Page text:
It is important that you assess the success of your email marketing campaign. You can do this in the following ways:
Email marketing programs
There are numerous email programs that will gather statistics on how people are reacting to your email promotion. Some of the most popular include ConstantContact.com, Myemma.com or Lyris.com. You simply compile the email, send it out and then get all the stats. These programs will provide you with the following information and more:
Open rates. The open rate will tell you how effective your subject line is at getting customers to open the email. If your open rate is below 20%, you should consider using a different kind of subject line. Sometimes, low open rates can be caused partly by spam filtering, so make sure to take that into consideration.
Click-through rates. The click through rates will tell you the percentage of recipients that clicked on a link to your website or a link to a coupon.
Click-to-open rates (CTOR). The CTOR will tell you what percentage of recipients who opened the email also clicked on the link you included. If you include a link to a coupon, this will tell you how effective your copy is at getting people interested in the coupon. A bad click-to-open rate means you should probably revamp your copy.
Spam filtering rates. If people are reporting your email as “spam,” it is probably because you are annoying them. Consider reducing the amount of offers you send or making your offers more enticing. Some programs can also determine how many of your emails are being filtered by spam control. You can expect about 10% of your emails to be filtered. If they are getting filtered at a higher rate, you probably need to make it look less like spam by using pure text instead of HTML, getting rid of explanation points and spam-sounding phrases like “CLICK HERE,” and using capital letters in moderation.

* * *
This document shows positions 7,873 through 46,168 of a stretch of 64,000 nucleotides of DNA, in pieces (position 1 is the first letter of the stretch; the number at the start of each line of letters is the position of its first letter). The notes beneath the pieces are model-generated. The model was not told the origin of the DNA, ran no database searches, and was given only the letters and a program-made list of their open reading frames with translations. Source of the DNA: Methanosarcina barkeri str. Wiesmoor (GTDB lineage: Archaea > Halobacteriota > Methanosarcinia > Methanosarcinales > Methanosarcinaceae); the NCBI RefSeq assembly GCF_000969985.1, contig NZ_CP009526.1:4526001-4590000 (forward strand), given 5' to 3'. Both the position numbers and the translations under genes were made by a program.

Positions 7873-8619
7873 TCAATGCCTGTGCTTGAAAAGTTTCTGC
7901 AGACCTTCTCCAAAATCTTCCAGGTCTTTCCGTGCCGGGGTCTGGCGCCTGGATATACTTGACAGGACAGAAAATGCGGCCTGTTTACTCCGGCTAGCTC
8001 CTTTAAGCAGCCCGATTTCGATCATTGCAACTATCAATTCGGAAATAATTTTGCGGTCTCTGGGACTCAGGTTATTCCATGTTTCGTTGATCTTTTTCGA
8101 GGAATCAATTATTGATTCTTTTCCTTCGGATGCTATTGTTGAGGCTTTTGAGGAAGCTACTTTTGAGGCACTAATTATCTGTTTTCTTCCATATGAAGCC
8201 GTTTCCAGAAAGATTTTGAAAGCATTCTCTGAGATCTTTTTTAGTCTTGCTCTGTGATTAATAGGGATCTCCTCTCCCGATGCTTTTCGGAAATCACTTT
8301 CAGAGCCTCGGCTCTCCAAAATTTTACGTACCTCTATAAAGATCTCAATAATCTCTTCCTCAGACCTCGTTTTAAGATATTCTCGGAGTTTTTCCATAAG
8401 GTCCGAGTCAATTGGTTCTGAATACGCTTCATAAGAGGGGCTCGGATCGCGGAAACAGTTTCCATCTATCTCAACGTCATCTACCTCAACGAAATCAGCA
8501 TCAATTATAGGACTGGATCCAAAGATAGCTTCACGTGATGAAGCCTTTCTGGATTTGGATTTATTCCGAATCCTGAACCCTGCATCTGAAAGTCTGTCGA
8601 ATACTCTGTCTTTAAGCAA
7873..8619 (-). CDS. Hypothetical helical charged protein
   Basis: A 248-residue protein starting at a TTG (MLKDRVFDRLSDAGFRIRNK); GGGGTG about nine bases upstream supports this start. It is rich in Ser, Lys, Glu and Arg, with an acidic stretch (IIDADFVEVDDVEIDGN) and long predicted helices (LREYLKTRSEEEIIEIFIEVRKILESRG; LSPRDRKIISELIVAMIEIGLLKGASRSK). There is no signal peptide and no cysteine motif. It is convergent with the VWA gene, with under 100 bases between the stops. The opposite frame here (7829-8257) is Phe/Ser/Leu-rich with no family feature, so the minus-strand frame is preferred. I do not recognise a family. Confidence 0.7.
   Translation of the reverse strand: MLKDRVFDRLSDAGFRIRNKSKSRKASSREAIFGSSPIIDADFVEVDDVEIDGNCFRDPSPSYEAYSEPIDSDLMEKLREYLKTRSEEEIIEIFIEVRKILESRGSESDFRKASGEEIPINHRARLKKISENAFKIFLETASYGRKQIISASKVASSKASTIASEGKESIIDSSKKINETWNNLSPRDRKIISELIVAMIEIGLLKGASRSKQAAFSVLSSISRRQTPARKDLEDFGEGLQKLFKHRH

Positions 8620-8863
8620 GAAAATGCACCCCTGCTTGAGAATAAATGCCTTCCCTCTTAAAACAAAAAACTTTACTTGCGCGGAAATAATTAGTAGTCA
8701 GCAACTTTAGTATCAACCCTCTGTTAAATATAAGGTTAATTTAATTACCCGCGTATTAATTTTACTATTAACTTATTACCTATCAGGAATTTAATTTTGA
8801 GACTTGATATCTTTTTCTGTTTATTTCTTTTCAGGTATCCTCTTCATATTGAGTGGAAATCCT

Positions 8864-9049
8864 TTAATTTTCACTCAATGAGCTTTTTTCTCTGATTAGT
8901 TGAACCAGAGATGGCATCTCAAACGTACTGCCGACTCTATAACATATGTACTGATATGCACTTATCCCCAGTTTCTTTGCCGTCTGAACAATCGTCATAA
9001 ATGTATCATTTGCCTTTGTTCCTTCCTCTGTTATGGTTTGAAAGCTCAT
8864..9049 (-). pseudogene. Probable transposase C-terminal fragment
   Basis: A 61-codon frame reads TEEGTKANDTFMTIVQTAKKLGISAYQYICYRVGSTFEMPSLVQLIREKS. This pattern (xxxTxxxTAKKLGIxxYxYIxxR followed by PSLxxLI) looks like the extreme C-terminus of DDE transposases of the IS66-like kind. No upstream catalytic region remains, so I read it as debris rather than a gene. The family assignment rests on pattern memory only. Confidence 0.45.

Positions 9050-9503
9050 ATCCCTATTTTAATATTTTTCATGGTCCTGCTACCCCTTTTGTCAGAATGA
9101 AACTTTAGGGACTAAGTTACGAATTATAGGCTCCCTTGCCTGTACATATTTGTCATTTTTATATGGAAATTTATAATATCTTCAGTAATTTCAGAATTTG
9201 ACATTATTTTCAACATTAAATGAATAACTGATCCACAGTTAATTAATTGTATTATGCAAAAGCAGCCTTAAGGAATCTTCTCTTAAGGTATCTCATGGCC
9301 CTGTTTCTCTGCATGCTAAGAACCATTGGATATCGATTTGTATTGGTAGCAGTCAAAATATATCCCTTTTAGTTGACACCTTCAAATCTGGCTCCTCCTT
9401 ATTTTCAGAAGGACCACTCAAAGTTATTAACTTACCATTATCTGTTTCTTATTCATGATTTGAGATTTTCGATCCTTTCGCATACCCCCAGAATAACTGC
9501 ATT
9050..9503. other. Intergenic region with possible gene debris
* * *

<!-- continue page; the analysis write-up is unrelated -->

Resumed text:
If you send a coupon with your email, you can use special coupon codes. Then, if a customer redeems the coupon, you know from the designated code that those sales came from your email promotion.
If you do not use coupons and you cannot afford an email marketing program, you can include a “how did you hear about this promotion” question on your satisfaction surveys or comment cards. This will let you know if your email promotion is working.
» Learn More About Restaurant Marketing Assessments
When it comes down to it, the success of your promotions has as much to do with your marketing strategy as with the promotion itself. Email marketing is probably one of the most effective ways to market a promotion, so make sure you are doing it right. You cannot afford to have your emails ignored.
More from Email Marketing for Restaurants...
- Restaurant Marketing 101
- 8 Marketing Technologies that Affect Customer Restaurant Choices
- Restaurant Branding and Design
- Environmental Analysis: Making the Most of Your Restaurant's Location
- Demographics for Restaurants
- Gauging Your Restaurant's Competition
- Creating Repeat Customers at Your Restaurant
- Restaurant Marketing Assessments
- Restaurant Marketing Glossary
- Menu Design